Volatile collective bargaining expected in the public sector in 2014

Dec 11, 2013, 06:00 ET from Conference Board of Canada

Labour movement in Canada at a crossroads

Link to publication: http://www.conferenceboard.ca/e-library/abstract.aspx?did=5906
News release 14-57

OTTAWA, Dec. 11, 2013 /CNW/ - Amid an acrimonious labour relations environment, more than half-a-million public sector workers will be involved in collective bargaining in 2014. This mix of factors could lead to contentious negotiations between governments and their employees next year, according to The Conference Board of Canada's Industrial Relations Outlook 2014: Back to Basics for the Labour Movement.

"There is potential for volatility in public sector bargaining in 2014, because the union movement sees legislative attempts to restrict bargaining rights, intervention in labour disputes, and efforts to overhaul long-standing benefits—such as sick leave—as attacks on public servants," said Karla Thorpe, Director, Leadership and Human Resources Research.

"Especially in the public sector, the bargaining tone may be more negative and unions less willing to compromise. This climate likely makes it more difficult to address mundane workplace issues that would normally be dealt with pragmatically at the bargaining table."


  • Federal government workers and workers in Ontario's broader public sector are among the key employee groups bargaining next year.
  • The "tone" of negotiations, particularly in the public sector, may be more negative —and unions less willing to compromise—in 2014.
  • The percentage of employers stating that wages are the bargaining priority has increased from 55 per cent last year to 60 per cent in 2014.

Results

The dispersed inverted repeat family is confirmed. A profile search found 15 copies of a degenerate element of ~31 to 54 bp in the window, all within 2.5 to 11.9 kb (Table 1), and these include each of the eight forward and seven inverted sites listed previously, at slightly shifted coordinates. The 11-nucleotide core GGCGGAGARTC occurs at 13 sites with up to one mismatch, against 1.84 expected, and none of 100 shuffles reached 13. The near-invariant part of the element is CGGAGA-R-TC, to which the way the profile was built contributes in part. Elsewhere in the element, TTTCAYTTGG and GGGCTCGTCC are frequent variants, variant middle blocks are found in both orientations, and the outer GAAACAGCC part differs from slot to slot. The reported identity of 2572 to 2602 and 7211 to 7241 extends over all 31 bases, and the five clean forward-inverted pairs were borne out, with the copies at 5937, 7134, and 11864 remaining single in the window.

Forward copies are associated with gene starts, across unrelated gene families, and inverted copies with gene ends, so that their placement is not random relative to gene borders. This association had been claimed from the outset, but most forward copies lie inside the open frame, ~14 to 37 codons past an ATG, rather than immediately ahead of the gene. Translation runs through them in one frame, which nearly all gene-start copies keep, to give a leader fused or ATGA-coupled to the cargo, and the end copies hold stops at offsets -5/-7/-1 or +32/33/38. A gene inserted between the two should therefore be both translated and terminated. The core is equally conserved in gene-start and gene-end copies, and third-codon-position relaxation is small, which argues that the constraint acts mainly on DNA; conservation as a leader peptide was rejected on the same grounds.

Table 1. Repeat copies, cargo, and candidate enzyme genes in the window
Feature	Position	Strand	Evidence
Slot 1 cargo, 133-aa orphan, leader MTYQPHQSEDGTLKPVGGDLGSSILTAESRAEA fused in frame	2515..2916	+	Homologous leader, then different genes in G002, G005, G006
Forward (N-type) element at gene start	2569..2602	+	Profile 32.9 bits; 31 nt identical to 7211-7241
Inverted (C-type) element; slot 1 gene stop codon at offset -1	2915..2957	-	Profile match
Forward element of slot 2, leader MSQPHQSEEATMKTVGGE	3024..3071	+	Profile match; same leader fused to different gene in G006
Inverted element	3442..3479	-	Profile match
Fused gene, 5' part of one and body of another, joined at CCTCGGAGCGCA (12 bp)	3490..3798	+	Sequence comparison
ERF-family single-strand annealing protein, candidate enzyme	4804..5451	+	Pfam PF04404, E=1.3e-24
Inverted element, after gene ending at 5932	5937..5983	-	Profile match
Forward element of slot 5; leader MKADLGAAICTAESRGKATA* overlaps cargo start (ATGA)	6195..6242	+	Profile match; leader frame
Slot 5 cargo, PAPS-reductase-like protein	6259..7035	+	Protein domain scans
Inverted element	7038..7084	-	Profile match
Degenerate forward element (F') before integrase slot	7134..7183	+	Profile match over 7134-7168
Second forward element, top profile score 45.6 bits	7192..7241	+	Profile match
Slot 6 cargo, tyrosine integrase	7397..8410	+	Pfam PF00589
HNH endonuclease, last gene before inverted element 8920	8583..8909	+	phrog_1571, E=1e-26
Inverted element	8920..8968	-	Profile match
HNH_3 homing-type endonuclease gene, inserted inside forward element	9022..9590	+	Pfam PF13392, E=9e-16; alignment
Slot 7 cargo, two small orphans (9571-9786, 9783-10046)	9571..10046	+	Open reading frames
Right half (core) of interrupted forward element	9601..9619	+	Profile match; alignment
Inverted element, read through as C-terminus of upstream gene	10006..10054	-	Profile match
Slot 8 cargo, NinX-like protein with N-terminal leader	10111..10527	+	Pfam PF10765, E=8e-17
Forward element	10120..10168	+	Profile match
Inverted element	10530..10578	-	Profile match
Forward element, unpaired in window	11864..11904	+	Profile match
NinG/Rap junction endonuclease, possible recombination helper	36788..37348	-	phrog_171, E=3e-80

The labour movement in Canada is at a crossroads. Although the overall number of Canadian workers represented by organized labour is rising, unionized workers now comprise 31 per cent of the labour force, down from the peak of about 34 per cent in the 1980's. Organized labour is increasingly dominated by public sector unions; just 17 per cent of the workforce in the private sector is unionized.

"If the labour movement wants to grow its ranks, it must go back to basics—that means organizing more workers in more industries. Sectors such as business services have seen the greatest job growth since the recession, but unions have not had notable success organizing these workplaces. And unions have made few inroads among employees working for smaller employers, independent contractors, and contingent workers," said Thorpe.

Average base pay increases for unionized workers in 2014 are projected to be 1.5 per cent in the public sector and 2.2 per cent for the private sector. Since governments will be reticent to offer increases as they struggle to bring down deficits, wages may be a key issue in public sector negotiations.

The annual Industrial Relations Outlook, published by The Conference Board of Canada, is intended to provide a comprehensive overview of issues that may influence labour relations and collective bargaining in Canada over the coming year. The outlook is based on Conference Board of Canada research and the proceedings of an annual roundtable among senior leaders from both labour and management.

The Conference Board will host a 60-minute webinar on the Industrial Relations Outlook 2014, on February 19, 2014.

SOURCE Conference Board of Canada